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A. Stock over the stern, flukes in the boat on a plank or spar for canting
overboard. Q. How would you carry out a bower anchor ? A. The crown under the boat with a slip rope, and a ring rope over the stern. Q. You are on a lee shore, on anchorage ground, she will not stay, and there
is no room to veer (or wear), how would you get her round ? A. Let go the anchor, or, if time allow, unshackle lee anchor, bend on a warp
from the lee quarter, let go the anchor when the helm is put down,
When round slip the warp.
the triangle, and small spare spars lashed on top. Q. Your rudder is carried away ; what do you do ? A. If running, lower down the for sail, get mainsheet in, and fore-staysail
sheet to windward Get three spars, and make a triangle, secure a sail over them, bend on a span and sling some pieces of iron to the lower spar, bend on a stout warp to the span, heave over to windward, veer out the hawser, and the vessel will lie-to comfortably while you are rigging a
jury rudder. Q. You have no time to do this ; you are on a lee shore ? | A. Get a spare topsail yard, nail a couple of stout boards to one end at
right angles to each other, pass it out under the tafrail, lash it amidships, get a luff tackle on the inboard end, and you will find she will steer
unless a very unbandy vesscl. Q. You have no time for this even ? A. Then let go both anchors, and cut away the masts, if she won't ride to it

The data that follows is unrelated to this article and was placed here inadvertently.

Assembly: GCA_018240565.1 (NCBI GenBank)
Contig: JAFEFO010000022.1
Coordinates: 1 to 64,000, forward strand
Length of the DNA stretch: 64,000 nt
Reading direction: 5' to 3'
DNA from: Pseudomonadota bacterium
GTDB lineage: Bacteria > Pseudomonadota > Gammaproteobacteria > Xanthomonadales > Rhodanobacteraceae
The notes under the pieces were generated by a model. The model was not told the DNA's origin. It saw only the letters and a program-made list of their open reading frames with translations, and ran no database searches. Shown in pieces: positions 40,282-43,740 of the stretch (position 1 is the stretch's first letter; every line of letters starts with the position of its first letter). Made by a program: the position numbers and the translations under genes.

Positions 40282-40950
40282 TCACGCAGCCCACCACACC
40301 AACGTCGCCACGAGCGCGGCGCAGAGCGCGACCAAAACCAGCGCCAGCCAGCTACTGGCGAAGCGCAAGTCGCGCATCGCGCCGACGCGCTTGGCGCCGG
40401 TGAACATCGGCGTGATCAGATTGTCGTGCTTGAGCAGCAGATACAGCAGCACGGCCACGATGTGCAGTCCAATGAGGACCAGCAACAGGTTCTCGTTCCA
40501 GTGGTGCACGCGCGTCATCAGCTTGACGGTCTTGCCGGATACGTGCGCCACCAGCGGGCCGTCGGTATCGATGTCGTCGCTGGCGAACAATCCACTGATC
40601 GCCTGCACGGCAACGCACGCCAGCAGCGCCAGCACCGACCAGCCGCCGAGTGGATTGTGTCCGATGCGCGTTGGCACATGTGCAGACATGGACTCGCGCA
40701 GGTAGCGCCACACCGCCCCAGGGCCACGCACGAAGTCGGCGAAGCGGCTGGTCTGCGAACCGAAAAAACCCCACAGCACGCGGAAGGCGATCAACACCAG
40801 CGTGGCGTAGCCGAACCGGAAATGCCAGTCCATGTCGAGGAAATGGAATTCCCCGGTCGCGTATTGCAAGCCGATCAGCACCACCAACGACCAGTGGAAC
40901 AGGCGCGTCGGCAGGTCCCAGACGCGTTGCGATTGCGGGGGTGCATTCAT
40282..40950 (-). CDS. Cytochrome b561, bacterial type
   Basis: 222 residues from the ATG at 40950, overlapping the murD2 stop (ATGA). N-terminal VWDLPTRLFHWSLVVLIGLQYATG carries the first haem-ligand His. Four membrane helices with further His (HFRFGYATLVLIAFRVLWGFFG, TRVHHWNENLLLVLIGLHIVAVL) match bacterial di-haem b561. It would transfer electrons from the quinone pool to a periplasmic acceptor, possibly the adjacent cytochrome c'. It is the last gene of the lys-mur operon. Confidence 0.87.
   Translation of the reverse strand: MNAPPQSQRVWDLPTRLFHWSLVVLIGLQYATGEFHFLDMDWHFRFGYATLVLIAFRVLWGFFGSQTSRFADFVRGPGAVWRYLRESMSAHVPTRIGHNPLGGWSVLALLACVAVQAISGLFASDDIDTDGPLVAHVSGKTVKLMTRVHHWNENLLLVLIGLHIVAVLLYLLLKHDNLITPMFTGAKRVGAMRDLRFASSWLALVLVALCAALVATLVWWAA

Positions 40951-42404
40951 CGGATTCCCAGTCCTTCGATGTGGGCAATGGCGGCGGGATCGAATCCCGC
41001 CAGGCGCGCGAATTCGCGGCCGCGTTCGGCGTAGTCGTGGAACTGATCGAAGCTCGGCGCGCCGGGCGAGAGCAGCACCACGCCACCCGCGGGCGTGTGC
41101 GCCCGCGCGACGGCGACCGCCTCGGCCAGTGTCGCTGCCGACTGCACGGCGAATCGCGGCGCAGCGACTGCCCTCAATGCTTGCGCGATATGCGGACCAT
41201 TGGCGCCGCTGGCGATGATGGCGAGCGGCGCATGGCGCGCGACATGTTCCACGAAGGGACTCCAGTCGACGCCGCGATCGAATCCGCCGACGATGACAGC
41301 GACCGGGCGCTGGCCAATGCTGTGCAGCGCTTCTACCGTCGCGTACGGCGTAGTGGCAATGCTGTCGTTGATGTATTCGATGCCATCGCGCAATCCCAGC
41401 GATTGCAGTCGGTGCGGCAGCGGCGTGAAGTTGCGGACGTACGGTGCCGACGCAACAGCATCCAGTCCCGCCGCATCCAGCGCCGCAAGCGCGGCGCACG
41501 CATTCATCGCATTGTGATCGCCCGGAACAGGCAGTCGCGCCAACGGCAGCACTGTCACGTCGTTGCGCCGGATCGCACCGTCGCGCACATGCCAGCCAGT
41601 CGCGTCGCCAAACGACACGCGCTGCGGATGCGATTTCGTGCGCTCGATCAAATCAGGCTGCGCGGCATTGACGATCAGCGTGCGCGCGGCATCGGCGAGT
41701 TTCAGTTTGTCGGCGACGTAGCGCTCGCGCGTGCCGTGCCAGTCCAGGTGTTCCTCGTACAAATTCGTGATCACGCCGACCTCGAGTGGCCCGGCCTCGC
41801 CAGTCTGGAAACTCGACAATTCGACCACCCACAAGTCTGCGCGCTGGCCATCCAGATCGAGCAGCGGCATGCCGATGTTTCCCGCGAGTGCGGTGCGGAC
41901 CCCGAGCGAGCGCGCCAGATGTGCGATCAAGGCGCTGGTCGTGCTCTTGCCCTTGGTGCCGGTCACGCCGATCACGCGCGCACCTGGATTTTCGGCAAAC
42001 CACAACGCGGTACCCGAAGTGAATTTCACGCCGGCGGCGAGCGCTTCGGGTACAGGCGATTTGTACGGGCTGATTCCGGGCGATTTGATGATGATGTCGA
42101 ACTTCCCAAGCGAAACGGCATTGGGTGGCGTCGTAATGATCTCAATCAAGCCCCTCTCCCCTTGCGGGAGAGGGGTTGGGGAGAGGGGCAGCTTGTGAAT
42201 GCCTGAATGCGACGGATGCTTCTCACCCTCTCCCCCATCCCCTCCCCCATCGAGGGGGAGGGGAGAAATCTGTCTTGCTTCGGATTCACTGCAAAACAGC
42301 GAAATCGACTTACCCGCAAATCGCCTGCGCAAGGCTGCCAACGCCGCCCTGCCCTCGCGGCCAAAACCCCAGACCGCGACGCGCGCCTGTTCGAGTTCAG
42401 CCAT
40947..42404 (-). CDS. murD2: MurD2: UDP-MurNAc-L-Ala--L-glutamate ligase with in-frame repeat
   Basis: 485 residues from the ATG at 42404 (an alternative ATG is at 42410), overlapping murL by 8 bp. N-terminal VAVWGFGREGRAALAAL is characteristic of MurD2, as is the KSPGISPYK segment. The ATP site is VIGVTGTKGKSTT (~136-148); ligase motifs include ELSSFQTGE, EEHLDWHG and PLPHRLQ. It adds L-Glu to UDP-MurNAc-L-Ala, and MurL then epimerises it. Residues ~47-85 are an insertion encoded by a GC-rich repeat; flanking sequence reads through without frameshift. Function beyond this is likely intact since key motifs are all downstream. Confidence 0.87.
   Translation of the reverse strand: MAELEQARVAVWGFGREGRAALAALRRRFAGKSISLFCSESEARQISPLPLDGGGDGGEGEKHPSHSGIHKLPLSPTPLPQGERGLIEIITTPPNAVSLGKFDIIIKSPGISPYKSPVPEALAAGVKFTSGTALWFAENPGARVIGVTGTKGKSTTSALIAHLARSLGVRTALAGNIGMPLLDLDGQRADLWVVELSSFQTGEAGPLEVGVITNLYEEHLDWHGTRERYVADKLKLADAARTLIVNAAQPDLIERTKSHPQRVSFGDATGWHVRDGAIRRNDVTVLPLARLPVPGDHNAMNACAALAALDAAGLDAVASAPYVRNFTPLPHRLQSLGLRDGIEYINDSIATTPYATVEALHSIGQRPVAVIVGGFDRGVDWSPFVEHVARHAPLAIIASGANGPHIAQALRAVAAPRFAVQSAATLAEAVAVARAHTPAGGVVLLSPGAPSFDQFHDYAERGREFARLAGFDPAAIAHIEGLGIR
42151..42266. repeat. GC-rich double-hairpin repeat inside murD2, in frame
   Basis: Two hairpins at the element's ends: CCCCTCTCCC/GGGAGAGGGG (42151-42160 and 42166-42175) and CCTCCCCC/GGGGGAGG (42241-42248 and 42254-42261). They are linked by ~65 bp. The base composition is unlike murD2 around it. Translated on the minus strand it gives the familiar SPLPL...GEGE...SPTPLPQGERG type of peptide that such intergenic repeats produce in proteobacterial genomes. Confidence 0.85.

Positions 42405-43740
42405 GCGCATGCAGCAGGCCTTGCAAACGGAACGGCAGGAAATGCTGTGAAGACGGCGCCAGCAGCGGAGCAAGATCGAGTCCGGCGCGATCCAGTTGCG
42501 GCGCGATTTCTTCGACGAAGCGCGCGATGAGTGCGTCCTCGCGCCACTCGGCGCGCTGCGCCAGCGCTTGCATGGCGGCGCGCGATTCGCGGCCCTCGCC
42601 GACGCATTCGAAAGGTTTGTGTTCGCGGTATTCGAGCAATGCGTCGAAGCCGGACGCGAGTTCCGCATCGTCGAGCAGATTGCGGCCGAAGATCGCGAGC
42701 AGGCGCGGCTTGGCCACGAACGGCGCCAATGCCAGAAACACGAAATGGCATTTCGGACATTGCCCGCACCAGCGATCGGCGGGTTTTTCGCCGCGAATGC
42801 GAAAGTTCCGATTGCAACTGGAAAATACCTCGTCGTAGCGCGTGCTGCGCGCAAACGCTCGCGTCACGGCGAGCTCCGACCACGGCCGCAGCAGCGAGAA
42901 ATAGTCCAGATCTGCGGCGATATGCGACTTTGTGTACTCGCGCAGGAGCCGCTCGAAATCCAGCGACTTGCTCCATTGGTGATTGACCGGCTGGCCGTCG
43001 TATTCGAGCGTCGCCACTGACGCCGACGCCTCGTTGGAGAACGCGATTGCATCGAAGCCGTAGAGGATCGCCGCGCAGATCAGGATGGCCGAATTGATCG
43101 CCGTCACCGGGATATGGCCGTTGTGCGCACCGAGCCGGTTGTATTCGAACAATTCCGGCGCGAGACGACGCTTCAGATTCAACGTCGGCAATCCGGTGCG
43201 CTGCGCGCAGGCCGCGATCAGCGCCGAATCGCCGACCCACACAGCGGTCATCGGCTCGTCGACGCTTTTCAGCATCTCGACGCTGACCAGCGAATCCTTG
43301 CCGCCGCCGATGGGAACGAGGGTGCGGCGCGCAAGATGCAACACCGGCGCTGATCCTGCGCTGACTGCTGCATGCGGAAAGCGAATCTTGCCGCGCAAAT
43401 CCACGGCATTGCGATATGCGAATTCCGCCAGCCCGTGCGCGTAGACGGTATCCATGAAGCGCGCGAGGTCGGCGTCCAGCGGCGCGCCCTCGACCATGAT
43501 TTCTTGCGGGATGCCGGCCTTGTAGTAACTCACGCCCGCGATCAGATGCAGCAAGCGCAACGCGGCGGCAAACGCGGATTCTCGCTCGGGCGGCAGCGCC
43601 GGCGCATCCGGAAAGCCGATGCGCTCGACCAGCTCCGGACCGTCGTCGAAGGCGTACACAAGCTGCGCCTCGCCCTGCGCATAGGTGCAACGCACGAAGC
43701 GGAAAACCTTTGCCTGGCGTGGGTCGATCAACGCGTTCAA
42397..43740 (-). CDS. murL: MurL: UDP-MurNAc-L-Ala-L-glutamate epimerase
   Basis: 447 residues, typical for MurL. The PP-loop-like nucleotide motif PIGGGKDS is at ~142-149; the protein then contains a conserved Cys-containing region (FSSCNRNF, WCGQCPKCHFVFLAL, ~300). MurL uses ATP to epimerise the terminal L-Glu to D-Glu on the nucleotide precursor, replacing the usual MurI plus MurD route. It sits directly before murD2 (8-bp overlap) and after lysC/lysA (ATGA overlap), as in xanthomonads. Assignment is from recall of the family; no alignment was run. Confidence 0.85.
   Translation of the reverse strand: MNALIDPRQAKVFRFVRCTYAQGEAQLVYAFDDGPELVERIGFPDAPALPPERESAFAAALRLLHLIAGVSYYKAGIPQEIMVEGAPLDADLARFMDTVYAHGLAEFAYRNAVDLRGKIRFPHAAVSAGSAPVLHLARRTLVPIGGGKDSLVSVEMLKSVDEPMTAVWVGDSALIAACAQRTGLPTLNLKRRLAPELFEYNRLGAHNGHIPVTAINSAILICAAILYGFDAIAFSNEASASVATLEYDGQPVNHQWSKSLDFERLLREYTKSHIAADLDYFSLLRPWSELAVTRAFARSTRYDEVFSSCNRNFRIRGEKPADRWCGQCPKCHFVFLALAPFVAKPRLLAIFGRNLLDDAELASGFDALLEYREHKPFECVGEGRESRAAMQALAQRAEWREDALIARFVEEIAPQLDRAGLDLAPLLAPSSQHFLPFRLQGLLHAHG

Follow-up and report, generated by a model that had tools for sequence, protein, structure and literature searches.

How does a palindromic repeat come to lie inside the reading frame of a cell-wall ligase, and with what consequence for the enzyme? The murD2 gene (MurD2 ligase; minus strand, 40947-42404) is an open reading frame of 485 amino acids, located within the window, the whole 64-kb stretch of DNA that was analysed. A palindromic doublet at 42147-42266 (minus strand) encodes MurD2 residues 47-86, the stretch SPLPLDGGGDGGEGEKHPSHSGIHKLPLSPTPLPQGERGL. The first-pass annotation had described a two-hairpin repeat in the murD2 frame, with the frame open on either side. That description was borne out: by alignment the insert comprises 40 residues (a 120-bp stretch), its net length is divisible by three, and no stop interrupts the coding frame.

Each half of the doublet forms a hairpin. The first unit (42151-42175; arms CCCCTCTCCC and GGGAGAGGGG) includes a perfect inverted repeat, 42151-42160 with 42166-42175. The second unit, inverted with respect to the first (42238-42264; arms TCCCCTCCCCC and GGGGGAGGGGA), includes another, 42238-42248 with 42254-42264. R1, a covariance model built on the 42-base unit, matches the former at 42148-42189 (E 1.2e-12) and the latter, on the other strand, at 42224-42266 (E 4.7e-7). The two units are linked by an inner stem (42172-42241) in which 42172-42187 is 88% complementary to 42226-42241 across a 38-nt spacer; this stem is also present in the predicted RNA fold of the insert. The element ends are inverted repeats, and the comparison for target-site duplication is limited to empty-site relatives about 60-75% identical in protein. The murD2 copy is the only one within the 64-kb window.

without. Q. What is a spinnaker ? | A. A lofty triangular-shaped sail made of light canvas, used in modern
racing yachts instead of a squaresail for running before the wind. It can also be used as a balloon jib for reaching in light winds. The foot of it is extended by means of a long spar called the spinnaker boom,
which works with a goose neck on the fore-side of the mast. How do you set and take in a spinnaker ? Get the inner end of the boom over the tafrail on the side opposite to
that on which you are carrying the main boom, light it along until the outer end is far enough aft to clear the head sheets, then launch forward, hook on the topping lift,'bend on a couple of whips purchased to the outer end, lead one forward and the othor aft, hcist, away on the topping lift until it takes the weight'of the bučm, 'shove it förward until the goose neck can be shipped in its place on the most. Bend on the halliards to the head of the sail, and the outer clew to the outhaul on the boom, taking care that it is on the fore side of the topping lift. Hoist away on the halliards and at the same time 'haul out the clew ; when it is chock up to the topmast head, the clew close out, and the inner clew fast, slack down your topping lift until the boom is just clear of the rail and trim with the after guy. In large vessels it is usual to have another guy from the outer end to the side of the vessel to keep the boom from rising when the sail is distended by the pressure